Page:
Eye ointment with cortisone

Which ones are there?

There are various cortisone preparations that are used in ophthalmology in the form of eye ointments. They contain different active ingredients, each of which can be found in different commercial preparations. The active ingredient dexamethasone, for example, is contained in Jenapharm®.

Prednisolone is the active substance contained in Ultracortenol®, for example. Betamethasone ® HEXAL was named after its active ingredient betamethasone. Fluorometholone is contained in the commercial product Efflumidex®. Hydrocortisone POS® was named after its active ingredient hydrocortisone. But Ficortril® also contains hydrocortisone.

Are these available over the counter?

There are eye ointments with cortisone that are available without a prescription. The dose in over-the-counter eye ointments with cortisone is usually low. Accordingly, both the effect and the side effects are lower. But if used for a longer period of time or incorrectly, over-the-counter eye ointments with cortisone can also cause damage. It is therefore strongly recommended to discuss the application with a doctor.

When should an eye ointment with cortisone be used?

Eye ointments with cortisone are used for allergic reactions and for allergic conjunctivitis. In addition, they are often recommended for non-infectious inflammations, such as non-infectious inflammation of the eyelids or corneal inflammation of the eye. Eye ointments with cortisone are also used for accompanying diseases, so-called immunologically caused inflammations of the eye.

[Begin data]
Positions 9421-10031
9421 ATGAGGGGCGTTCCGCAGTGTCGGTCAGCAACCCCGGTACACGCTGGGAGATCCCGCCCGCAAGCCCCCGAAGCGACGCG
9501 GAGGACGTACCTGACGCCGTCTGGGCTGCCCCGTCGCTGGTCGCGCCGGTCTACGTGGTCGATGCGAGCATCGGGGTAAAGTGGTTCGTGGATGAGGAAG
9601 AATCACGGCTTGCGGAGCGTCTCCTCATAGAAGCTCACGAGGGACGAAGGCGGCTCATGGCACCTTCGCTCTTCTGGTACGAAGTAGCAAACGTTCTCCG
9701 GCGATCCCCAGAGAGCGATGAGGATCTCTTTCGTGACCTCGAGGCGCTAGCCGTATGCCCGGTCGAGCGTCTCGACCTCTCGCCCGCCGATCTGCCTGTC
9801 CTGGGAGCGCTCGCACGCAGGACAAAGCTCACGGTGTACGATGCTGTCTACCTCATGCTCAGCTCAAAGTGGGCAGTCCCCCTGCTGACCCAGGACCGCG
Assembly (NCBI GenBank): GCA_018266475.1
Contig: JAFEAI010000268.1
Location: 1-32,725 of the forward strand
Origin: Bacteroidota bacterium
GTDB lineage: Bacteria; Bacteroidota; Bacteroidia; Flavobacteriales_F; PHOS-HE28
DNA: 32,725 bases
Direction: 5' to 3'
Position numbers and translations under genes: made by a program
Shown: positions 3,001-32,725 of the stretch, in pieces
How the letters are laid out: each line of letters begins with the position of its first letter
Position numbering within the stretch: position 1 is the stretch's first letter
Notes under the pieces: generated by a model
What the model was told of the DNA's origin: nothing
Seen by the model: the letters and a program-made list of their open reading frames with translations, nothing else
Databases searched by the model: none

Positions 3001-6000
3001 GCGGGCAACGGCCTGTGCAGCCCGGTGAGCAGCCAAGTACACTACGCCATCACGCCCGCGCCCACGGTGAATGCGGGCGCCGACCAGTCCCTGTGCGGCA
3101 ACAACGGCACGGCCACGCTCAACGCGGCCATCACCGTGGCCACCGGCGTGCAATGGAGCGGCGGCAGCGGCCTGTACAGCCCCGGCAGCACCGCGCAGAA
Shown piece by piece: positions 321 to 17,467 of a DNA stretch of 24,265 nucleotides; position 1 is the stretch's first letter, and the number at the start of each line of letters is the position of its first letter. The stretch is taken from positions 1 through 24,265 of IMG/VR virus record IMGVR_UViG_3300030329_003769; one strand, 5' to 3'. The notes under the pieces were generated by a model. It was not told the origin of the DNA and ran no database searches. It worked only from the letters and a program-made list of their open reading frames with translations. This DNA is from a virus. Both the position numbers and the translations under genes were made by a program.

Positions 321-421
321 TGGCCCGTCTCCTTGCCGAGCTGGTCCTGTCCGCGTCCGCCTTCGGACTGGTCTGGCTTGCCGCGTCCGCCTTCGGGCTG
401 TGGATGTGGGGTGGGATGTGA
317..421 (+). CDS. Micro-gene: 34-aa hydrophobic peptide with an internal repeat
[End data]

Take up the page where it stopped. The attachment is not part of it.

In addition, they are used for some rheumatic diseases. For example, an eye ointment with cortisone can provide relief in cases of inflammation of the eye‘s iris in the context of Bekhterev’s disease. Furthermore, in some phases of a herpes disease, the use of eye ointments with cortisone in combination with other drugs may be advisable.

Often eye ointments are used in addition to eye drops. Moreover, eye ointments with cortisone are combined with antibiotics. They are also often used after eye surgery.

What is contained in the eye ointment and how does it work?

In the adrenal cortex of the body, the so-called cortisone/cortisol or hydrocortisol, among other things, is produced by the body and processed further by the body. It belongs to the so-called glucocorticoids. The effect of natural cortisol or cortisone is very weak.

Synthetically, however, it is possible to produce a medically applicable active substance by specifically modifying the substance. The synthetically produced cortisone has a broad spectrum of activity, including in ophthalmology. The effects are dose-dependent.

In eye ointments containing cortisone the base consists of hydrocarbon. In most cases, they also contain vaseline, paraffin or wool wax and different doses of cortisone. Eye ointments with cortisone have a local anti-inflammatory and allergy-inhibiting effect.

This effect is based on the fact that cortisone inhibits a certain enzyme in the body and thus stops early and late inflammatory reactions. The early reaction is understood to be all processes at cell level that lead to certain signs of inflammation. For example, these can be inflammation-induced swellings in the eye.

Late reaction is the term used to describe all processes at the cellular level that are part of the (excessive, uncontrolled) growth of vessels and cells. Eye ointments with cortisone can therefore have a soothing effect on complaints such as The anti-inflammatory effect of cortisone in eye ointments is known as antiphlogistic effect. The inhibitory effect on allergic reactions is summarised as an anti-allergic effect.

But cortisone in eye ointments also suppresses the body’s own defence system. This is known as an immunosuppressive effect. – Burning

  • Itch
  • Redness
  • Swelling